This section is from the book "The Manufacture Of Boots And Shoes: Being A Modern Treatise Of All The Processes Of Making And Manufacturing Footgear", by F. Y. Golding. Also available from Amazon: The Manufacture Of Boots And Shoes.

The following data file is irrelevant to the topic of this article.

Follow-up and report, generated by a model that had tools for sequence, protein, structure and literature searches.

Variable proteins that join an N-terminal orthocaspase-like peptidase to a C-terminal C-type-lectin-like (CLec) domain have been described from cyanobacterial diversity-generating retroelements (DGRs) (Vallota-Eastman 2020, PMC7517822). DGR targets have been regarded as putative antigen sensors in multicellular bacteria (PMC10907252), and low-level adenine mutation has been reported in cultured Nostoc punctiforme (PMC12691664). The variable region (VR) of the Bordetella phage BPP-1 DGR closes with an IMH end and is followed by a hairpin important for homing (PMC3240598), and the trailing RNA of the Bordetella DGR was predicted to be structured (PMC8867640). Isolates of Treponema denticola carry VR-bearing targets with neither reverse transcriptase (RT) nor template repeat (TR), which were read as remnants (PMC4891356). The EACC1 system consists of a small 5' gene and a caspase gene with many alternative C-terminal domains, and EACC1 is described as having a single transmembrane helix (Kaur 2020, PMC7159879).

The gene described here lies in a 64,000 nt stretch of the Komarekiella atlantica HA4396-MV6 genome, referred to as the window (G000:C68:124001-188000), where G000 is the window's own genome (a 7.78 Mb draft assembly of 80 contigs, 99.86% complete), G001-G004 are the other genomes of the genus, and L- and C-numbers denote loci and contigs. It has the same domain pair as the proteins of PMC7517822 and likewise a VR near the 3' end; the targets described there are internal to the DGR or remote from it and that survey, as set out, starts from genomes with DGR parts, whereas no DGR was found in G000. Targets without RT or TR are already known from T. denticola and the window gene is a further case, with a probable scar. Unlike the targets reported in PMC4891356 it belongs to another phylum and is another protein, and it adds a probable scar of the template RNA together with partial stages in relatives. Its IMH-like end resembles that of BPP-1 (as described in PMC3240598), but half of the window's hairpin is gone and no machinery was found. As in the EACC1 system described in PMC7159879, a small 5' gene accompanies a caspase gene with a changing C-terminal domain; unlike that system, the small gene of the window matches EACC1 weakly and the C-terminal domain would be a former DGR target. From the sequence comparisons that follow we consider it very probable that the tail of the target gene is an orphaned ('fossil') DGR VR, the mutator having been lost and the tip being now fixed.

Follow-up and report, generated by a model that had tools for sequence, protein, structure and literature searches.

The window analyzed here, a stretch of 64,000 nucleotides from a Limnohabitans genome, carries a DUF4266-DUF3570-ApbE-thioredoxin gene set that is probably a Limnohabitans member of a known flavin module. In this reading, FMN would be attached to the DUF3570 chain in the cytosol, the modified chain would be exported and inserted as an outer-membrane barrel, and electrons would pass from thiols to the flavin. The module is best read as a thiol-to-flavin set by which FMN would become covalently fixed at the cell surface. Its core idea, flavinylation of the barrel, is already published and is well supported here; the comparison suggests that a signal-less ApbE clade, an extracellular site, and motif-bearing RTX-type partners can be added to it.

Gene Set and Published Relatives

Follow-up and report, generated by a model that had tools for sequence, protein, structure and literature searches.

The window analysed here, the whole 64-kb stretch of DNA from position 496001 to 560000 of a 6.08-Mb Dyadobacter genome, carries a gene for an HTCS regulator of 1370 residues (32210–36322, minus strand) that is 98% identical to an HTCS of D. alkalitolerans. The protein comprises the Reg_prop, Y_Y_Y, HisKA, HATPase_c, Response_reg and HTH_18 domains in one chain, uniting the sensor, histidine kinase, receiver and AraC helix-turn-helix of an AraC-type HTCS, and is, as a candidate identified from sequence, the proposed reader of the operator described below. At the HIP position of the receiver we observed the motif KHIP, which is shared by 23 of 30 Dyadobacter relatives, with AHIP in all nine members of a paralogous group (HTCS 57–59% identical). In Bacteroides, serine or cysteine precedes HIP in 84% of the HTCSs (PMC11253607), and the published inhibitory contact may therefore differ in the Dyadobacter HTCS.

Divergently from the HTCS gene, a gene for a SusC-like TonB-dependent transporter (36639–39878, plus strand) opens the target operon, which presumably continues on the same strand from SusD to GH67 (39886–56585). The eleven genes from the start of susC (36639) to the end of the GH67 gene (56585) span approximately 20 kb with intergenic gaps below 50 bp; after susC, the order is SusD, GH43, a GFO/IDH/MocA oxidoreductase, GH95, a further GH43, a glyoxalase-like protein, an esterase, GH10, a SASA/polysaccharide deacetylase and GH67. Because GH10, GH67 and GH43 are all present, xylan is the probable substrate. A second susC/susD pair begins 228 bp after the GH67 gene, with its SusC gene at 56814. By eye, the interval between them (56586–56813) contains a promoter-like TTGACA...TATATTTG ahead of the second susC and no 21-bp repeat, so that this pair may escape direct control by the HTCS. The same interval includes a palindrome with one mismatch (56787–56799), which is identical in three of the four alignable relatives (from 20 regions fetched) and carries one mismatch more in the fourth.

The machines used for rubbing the seams out for " bagged" or " stitched-on and turned-over edge" work are known as bagging or beading machines. There are two types in general use, the Watson and the Columbia. The former consists of a couple of fingers made to press out the seam, and on a line with this arrangement is the hammer for hammering same flat. The latter machine has the folding-out levers arranged in front of the anvil and hammer, enabling smaller curves to be operated upon with greater freedom.